It’s very American I’d say – more than in Canada, but not an unheard of concept. You actually have the privilege of not having to care about designer or buying status in goods, because you’re Anglo Australian, and therefore already have it (e.g. nothing to prove). Those of colour, do not.

  4. Skye

    Excellent read, the association with luxury brands and status is very true in my age and social group (I’m 39) and even more so in a lot of people younger than me in similar social groups. I’ve just shared your comments about the difference between ‘poor’ and ‘broke’ with my children (9 and 6 years). They often ask if we are poor because we won’t buy everything they ask for all the time. After our discussion, the next time they revert to the idea that we are poor I will be reminding them that they have never experienced being poor and that we are teaching them to avoid becoming broke.

    1. Sherry of Save. Spend. Splurge.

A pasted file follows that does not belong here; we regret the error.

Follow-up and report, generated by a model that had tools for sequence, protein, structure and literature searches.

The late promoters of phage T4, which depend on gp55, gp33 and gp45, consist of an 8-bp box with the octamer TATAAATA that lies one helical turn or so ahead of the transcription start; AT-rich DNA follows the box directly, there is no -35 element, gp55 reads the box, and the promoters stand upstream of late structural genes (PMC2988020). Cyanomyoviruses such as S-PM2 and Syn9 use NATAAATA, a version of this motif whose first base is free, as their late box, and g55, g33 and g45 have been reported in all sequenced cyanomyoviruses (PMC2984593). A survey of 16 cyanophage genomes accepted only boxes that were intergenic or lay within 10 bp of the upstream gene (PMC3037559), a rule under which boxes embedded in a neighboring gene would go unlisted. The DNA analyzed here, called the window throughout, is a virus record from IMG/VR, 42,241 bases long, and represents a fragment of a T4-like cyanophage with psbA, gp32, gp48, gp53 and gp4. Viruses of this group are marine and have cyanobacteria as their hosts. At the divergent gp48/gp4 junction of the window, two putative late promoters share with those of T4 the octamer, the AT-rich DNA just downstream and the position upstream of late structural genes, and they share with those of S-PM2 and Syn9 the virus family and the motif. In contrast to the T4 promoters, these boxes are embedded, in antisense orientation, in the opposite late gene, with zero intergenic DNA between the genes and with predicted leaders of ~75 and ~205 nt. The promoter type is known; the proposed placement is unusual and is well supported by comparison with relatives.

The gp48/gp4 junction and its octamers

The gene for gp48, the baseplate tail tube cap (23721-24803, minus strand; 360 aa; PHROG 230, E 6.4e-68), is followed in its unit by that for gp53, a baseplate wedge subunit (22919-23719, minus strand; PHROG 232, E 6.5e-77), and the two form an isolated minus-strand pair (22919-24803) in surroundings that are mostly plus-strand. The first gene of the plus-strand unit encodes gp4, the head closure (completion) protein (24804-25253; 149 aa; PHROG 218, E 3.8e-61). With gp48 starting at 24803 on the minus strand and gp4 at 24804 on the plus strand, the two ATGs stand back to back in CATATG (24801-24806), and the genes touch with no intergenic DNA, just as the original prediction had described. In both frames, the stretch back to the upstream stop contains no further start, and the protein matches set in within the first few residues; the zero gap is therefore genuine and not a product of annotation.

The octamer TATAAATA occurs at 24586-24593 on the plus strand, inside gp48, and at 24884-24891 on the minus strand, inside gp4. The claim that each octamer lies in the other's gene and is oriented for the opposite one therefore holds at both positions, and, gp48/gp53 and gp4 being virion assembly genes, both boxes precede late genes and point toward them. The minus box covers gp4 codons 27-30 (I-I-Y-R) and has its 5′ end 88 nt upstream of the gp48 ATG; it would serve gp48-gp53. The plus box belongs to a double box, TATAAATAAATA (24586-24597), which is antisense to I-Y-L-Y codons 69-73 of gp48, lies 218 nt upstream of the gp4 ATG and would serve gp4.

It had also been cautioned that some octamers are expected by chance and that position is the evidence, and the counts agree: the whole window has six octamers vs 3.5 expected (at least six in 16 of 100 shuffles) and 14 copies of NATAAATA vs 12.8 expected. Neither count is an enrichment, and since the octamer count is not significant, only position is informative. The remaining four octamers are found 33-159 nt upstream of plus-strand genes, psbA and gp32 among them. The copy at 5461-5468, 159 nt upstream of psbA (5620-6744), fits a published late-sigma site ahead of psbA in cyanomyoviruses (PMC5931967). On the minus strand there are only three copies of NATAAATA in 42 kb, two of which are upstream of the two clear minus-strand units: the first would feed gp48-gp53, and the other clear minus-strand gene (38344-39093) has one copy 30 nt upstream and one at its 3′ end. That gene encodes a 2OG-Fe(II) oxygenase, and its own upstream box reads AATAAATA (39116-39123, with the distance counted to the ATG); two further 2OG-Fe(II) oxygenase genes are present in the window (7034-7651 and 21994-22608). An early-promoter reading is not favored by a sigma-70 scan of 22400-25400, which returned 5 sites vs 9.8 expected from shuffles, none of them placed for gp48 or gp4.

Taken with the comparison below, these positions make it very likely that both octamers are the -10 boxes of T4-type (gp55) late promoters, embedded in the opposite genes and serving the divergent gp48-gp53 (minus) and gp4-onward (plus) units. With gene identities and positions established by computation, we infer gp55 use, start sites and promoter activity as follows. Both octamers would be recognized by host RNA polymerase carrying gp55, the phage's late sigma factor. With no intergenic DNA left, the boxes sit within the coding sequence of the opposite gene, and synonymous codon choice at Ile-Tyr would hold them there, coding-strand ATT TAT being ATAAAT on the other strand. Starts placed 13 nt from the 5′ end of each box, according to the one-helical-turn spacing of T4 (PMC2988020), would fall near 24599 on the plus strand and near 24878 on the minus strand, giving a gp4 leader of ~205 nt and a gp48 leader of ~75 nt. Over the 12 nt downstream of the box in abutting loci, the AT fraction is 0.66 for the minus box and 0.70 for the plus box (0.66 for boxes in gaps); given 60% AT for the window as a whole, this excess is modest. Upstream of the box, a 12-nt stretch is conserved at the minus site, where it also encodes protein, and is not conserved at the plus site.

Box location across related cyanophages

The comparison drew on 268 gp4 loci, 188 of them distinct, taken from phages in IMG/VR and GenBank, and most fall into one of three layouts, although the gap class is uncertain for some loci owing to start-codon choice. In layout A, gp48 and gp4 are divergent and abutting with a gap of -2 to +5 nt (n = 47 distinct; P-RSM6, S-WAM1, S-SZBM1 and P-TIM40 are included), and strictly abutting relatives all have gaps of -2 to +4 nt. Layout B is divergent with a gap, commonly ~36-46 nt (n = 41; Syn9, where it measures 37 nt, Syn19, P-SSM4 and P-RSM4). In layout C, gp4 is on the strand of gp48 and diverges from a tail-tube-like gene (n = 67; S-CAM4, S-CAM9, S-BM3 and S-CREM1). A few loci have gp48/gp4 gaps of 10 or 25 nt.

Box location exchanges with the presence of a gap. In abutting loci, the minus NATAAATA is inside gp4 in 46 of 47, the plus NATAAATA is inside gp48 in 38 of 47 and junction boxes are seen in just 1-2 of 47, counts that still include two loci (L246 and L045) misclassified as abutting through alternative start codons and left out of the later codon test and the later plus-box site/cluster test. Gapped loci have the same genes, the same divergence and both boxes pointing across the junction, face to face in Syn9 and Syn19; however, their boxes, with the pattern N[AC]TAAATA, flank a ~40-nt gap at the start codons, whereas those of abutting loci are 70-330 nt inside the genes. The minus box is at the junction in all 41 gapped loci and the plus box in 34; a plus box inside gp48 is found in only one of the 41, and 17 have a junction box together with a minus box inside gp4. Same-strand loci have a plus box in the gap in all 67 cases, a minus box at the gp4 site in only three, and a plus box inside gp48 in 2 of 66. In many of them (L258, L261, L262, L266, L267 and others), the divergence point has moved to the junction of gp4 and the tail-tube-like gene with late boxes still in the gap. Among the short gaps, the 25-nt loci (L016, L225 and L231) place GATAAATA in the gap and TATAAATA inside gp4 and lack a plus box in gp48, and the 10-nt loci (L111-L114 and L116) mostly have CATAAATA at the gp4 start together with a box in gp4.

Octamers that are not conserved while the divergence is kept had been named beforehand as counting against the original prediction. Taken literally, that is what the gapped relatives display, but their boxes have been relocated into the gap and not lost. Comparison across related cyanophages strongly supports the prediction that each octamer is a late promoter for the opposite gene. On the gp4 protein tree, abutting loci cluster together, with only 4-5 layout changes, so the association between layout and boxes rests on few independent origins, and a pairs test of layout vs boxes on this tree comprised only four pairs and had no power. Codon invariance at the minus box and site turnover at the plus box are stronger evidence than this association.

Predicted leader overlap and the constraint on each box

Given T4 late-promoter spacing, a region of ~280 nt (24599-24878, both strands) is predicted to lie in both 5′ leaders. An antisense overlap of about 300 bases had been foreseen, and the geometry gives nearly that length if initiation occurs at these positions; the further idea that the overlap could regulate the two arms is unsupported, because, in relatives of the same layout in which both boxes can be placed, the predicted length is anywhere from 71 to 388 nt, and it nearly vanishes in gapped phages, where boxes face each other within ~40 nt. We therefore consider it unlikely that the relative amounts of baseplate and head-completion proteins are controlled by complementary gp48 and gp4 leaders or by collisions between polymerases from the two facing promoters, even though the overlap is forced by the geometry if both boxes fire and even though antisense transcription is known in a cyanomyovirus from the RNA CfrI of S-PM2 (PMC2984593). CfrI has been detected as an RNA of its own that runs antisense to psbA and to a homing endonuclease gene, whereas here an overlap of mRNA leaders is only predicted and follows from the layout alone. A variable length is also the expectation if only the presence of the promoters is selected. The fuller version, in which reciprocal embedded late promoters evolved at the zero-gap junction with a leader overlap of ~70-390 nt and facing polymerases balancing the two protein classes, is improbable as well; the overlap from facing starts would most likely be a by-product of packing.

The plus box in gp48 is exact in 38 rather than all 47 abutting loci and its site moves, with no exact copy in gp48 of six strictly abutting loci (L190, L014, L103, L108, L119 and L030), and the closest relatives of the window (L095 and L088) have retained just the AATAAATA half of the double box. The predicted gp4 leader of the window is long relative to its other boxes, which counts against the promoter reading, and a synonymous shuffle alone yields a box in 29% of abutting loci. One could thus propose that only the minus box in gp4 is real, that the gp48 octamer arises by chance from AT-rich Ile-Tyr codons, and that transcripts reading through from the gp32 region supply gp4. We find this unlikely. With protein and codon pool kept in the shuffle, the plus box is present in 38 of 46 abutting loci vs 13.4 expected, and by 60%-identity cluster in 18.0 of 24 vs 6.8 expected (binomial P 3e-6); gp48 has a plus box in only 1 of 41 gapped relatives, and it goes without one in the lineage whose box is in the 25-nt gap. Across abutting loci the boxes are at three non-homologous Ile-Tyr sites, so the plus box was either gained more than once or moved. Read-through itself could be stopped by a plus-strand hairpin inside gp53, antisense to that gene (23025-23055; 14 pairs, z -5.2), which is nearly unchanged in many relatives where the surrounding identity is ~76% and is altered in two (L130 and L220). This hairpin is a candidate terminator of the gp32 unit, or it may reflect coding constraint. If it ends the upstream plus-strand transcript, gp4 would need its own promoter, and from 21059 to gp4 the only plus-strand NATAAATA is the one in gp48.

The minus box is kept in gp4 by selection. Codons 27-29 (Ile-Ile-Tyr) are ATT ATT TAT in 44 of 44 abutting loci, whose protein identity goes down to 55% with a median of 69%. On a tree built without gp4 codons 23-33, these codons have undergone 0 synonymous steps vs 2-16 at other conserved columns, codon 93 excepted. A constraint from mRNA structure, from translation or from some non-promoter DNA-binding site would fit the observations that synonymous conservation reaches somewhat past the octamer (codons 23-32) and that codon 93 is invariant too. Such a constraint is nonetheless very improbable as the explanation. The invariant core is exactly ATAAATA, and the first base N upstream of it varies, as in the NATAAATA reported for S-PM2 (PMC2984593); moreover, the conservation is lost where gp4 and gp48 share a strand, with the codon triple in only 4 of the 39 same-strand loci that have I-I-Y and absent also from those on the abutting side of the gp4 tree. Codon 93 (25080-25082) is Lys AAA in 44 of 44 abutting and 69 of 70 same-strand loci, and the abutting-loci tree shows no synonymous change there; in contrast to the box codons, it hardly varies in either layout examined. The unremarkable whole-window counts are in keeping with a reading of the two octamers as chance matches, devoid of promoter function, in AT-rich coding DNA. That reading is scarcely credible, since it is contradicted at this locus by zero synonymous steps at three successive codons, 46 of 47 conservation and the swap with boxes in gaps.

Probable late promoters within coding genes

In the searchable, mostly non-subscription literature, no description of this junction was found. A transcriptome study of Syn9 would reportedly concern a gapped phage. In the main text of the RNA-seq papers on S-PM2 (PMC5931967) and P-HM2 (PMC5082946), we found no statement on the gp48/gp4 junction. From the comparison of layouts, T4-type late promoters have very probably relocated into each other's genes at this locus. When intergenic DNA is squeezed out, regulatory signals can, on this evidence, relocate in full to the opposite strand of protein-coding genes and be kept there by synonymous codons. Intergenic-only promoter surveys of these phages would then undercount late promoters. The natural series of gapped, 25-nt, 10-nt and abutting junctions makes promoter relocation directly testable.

That’s so powerful: “they’ve never experienced being poor and we are teaching them to avoid being broke.” We are doing the same with our son — he hasn’t yet posed these questions about poor/broke but knows (at least) saving is very important.

  5. Gail

    There have been times when I would have been considered poor as a child and then as a student, having to borrow tuition money and having very few clothes, a few part-time jobs and no extra money to do anything but eat. Now I am quite the opposite and do not have to think twice to replace something that has broken or buy fancy foods–whatever might come. up.